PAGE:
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Connecting Our Communities

A chance for Woolwich girls to try their hands at hockey

A successful year for the Woolwich Girls Minor Hockey Association teams may have sparked some interest in the sport for local girls, and the annual Come and Try Girls Hockey event would be the perfect venue to see what it’s all about.

Olivia Weiss, Peyton Gaudet and Kylie Rayfield will be moving up to the Novice level next season, as part of the Woolwich Girls Minor Hockey Association, which is holding a Come and Try Girls Hockey event on Apr. 18.[Whitney Neilson / The Observer]
Olivia Weiss, Peyton Gaudet and Kylie Rayfield will be moving up to the Novice level next season, as part of the Woolwich Girls Minor Hockey Association, which is holding a Come and Try Girls Hockey event on Apr. 18. [Whitney Neilson / The Observer]
Now in its fifth year, Woolwich Wild scheduler Jacinta Faries says the idea is to let newcomers try hockey for free with girls and coaches who’ve loved the sport for years.

“It’s been pretty successful in the past,” Faries said. “We’ve had a fair number of girls come out and quite a few of them have ended up signing up with girls hockey. It gives them a chance to try it out. It also gives the parents a chance to ask questions. We always have executive members there that can respond to any questions they might have.”

They had about 20 participants come out to try it last year, which she says is fairly consistent, except for the first year. A rookie coach and the coach for Atom and PeeWee will be on hand to help the girls learn the basics. They’ll do some skating and hockey drills that they’d normally do in a practice and end with a mini-scrimmage.

“Especially for the younger ones, some of them need some help if they’re not that strong a skater,” Faries said. “It gives a sense of what it’s like to play in a game. Even for the younger ones they like that. A lot of the time just the excitement of actually having a stick in your hand and a puck they can hit on the ice, they like that.”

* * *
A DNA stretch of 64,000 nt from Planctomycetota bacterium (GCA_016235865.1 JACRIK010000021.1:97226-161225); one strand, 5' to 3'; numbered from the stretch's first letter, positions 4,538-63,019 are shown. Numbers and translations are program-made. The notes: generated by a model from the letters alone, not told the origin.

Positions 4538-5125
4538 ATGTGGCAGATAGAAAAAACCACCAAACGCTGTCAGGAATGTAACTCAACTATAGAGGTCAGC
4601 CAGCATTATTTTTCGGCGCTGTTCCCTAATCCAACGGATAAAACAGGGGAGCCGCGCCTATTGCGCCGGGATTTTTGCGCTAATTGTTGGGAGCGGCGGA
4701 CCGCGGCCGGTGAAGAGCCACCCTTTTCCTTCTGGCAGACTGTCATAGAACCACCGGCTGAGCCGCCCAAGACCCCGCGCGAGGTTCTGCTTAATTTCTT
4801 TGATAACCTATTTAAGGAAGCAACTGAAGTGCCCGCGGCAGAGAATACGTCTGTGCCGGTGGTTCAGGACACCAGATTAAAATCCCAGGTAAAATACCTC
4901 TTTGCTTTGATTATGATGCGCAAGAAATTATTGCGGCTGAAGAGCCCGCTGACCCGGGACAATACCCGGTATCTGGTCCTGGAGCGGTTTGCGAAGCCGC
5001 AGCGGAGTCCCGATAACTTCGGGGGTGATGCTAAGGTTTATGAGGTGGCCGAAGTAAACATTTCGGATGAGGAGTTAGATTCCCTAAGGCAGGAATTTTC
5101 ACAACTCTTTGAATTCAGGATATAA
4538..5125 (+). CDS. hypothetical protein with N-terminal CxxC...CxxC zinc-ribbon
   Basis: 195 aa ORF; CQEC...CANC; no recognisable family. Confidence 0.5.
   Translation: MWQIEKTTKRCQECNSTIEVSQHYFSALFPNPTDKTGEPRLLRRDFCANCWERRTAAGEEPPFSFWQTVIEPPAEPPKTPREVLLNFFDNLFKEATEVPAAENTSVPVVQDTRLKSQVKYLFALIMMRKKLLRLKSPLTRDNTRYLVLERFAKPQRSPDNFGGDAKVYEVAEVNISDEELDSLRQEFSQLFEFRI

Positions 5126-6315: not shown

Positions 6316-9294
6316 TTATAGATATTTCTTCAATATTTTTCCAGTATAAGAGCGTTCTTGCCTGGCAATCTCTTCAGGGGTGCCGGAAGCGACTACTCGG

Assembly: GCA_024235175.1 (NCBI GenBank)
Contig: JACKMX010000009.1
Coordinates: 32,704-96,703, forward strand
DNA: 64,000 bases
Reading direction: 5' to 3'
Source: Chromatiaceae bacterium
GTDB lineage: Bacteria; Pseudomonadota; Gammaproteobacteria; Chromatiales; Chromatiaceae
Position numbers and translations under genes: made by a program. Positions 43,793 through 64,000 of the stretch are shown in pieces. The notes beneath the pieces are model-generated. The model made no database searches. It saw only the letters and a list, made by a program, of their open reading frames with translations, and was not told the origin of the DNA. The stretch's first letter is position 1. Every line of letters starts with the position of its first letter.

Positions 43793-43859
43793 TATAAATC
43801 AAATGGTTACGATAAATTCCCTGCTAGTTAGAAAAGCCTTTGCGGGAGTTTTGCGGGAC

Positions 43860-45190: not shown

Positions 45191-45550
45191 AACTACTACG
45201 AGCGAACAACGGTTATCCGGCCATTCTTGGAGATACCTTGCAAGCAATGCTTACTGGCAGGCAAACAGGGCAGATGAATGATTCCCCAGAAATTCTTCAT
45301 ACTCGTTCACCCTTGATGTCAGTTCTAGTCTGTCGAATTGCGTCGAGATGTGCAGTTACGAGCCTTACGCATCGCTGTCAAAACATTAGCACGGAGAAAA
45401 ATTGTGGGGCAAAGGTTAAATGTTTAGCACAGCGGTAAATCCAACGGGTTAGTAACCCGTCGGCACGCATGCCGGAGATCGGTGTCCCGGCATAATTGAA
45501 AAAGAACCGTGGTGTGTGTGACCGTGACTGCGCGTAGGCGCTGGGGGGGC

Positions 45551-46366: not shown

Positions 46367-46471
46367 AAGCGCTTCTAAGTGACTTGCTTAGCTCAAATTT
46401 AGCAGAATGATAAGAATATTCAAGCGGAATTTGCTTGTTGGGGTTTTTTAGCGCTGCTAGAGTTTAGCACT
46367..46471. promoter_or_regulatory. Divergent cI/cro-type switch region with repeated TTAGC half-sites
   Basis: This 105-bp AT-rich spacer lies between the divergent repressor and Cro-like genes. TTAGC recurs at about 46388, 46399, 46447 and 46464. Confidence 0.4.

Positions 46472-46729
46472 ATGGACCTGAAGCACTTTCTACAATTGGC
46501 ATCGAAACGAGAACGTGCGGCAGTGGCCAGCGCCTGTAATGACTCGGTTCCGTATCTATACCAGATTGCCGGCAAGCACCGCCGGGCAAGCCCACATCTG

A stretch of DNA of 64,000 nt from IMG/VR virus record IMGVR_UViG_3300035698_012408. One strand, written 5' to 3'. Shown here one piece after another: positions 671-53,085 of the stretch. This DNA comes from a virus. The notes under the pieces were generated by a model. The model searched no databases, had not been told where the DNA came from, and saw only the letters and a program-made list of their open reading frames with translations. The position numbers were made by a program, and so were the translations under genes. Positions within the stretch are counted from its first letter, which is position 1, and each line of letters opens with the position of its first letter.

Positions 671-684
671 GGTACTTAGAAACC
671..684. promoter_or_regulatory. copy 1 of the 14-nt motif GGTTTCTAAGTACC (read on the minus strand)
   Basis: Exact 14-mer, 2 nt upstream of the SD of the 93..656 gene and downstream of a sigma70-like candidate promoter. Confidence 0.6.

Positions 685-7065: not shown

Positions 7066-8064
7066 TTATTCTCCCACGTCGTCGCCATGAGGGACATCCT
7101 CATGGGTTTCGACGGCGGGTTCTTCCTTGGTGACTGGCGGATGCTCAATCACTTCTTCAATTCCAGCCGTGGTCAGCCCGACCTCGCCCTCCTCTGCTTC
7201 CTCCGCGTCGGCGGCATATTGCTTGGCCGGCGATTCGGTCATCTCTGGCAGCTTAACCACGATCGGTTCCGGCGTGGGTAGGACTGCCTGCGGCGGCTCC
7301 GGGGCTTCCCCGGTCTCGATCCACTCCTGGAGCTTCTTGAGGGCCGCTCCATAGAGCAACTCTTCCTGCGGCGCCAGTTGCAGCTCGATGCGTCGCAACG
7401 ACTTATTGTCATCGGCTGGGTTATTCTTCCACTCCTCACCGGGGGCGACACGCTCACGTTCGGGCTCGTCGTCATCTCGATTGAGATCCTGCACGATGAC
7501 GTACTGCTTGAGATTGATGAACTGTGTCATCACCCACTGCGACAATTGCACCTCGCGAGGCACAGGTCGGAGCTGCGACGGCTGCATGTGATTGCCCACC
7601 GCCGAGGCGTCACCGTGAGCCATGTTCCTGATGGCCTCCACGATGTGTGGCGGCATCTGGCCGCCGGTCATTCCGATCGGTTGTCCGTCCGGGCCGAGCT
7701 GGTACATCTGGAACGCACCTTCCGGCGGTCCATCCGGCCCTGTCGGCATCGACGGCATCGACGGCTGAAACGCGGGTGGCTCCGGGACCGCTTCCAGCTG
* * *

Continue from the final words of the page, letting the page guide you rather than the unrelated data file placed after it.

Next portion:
Girls are asked to bring skates, a CSA-approved helmet with facemask, gloves and a stick, but if not they can likely be provided. Some equipment is usually donated for the event. But ideally, girls should have their own skates, which are harder to fit.

One question that comes up quite a bit from parents is the difference between girls’ and boys’ hockey. Once they learn there’s no body checking in girls’ hockey, they’re relieved. Some have questions about equipment, practice times, and game times, which members of the executive will be on hand to answer.

The event started because coaches kept hearing of girls interested in giving the sport a try.

“We actually had a lot of requests from parents of some of the younger girls, they had friends that wanted to try hockey and could they bring their friends out to a practice,” Faries said. “The first year was amazing. We had about 60 girls come out. I think there was the untapped potential of people who just hadn’t tried it.”

She says this event is helpful because kids often are interested in trying lots of different sport and activities, but once they give it a shot they might not like it and want to play all season. For others, it helps them nail down which sports they’d like to stick with.

“It’s kind of nice because you see a lot of the little ones come off the ice just beaming,” Faries said. “The parents are saying ‘oh yeah we’re signing up.’ It’s nice to see it kind of firmed it up for the parents and the child as well.”

The event runs April 18 at 2 p.m. at the WMC and is free for girls from four to 12. For more information or to request equipment contact Faries at jfaries@rogers.com or 519-669-8625.

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